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ɫ˸ Royals: ‘Most challenging season in memory’

THE ɫ˸ Royal planting and growing season has been the “most challenging” and “wettest” in living memory, according to Island farmers as harvesting gets under way this month.

ɫ˸ Farmers’ Union president Dougie Richardson said that already-strained farmers could not “risk having a bad season” – and that the impact of adverse weather on this year’s exports was still unknown.

Figures from ɫ˸ Met showed that February – the month where most Royals are planted – had a total of 139.7 millimetres of rain, compared with the 30-year average figure of 78.4mm. And the wet weather persisted into the first week of March.

Meanwhile, farmers in the UK have warned of a potential crisis as record rainfall reduces food production.

Mr Richardson explained to the JEP that heavy rain had forced growers to adapt, planting by hand and in shallower soil depths, which was more costly and time-consuming.

He said: “It’s been the most challenging planting season in, probably ever, but certainly in living memory. Farming is challenging enough at the best of times, but this season has been very, very challenging.

“The rain just hasn’t stopped, and it’s been coming down in volumes – and it has been perfectly timed to cause maximum disruption.”

He added that some who had been waiting for the weather to improve had only just finished their planting and covering the fields in polythene.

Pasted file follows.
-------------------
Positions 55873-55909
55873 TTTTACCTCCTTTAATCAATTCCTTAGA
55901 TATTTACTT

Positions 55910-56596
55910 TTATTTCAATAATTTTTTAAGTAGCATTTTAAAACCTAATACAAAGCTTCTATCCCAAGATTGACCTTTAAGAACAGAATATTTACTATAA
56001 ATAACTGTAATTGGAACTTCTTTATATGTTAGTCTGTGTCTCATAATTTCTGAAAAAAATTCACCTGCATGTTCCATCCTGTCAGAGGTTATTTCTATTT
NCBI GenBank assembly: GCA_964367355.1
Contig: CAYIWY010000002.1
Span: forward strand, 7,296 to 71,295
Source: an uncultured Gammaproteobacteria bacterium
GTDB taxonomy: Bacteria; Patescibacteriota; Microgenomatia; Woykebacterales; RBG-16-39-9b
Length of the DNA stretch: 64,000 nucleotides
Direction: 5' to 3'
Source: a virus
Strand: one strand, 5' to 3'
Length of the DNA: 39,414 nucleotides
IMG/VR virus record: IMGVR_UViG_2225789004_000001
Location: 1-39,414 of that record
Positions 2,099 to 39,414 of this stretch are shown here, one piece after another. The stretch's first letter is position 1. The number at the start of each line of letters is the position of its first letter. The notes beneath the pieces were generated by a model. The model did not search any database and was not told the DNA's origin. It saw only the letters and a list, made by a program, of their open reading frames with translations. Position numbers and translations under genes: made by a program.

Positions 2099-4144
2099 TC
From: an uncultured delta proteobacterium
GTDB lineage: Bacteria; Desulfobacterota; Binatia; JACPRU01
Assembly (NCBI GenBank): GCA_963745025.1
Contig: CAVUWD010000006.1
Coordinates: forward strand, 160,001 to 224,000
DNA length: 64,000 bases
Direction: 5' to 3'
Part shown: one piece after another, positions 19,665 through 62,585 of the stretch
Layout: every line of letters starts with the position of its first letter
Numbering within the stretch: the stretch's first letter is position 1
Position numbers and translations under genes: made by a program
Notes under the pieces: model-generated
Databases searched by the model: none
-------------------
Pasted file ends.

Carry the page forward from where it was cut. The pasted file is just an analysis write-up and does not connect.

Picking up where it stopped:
Mr Richardson continued: “This is potentially going to impact harvesting, but we are aiming for a slow start so that we don’t get ahead of ourselves. But it’s all to play for, if the weather is kind to us going forward, and there’s no reason not to lift some nice potatoes consistently with some sunshine soon.

“We can’t risk having a bad season, because everything is so expensive – and we seem to be constantly burdened with more paperwork and compliance.

“But in terms of farming the land and facing challenges, there isn’t a group of farmers better than the ɫ˸ farmers to deal with it.”

Islanders can expect to see farmers hard at work on the harvest from this month, with peak volumes through May and June until the end of July.

Tim Ward, business unit director of potato supplier Albert Bartlett, which recently bought The ɫ˸ Royal Company, said that the weather could result in a prolonged season as farmers spent time earlier in the year waiting for fields to dry out before planting.

He said: “It’s undoubtedly been one of the wettest planting seasons we can ever remember, which is more than a little bit frustrating.

“We had delayed crop going into the ground that should have been in a few weeks before, and we’re worried about the impact that’s going to have on our harvestable yield – and we’re worried that some of the early crop has been sat in water.”

Mr Ward continued: “It’s particularly important right now to have a good season, and we just need a little bit of luck now.

“It’s been incredibly frustrating, everyone has hair loss because of it, we need some sunshine for now, a little bit of heat to get the maximum out of what’s already in the ground.”

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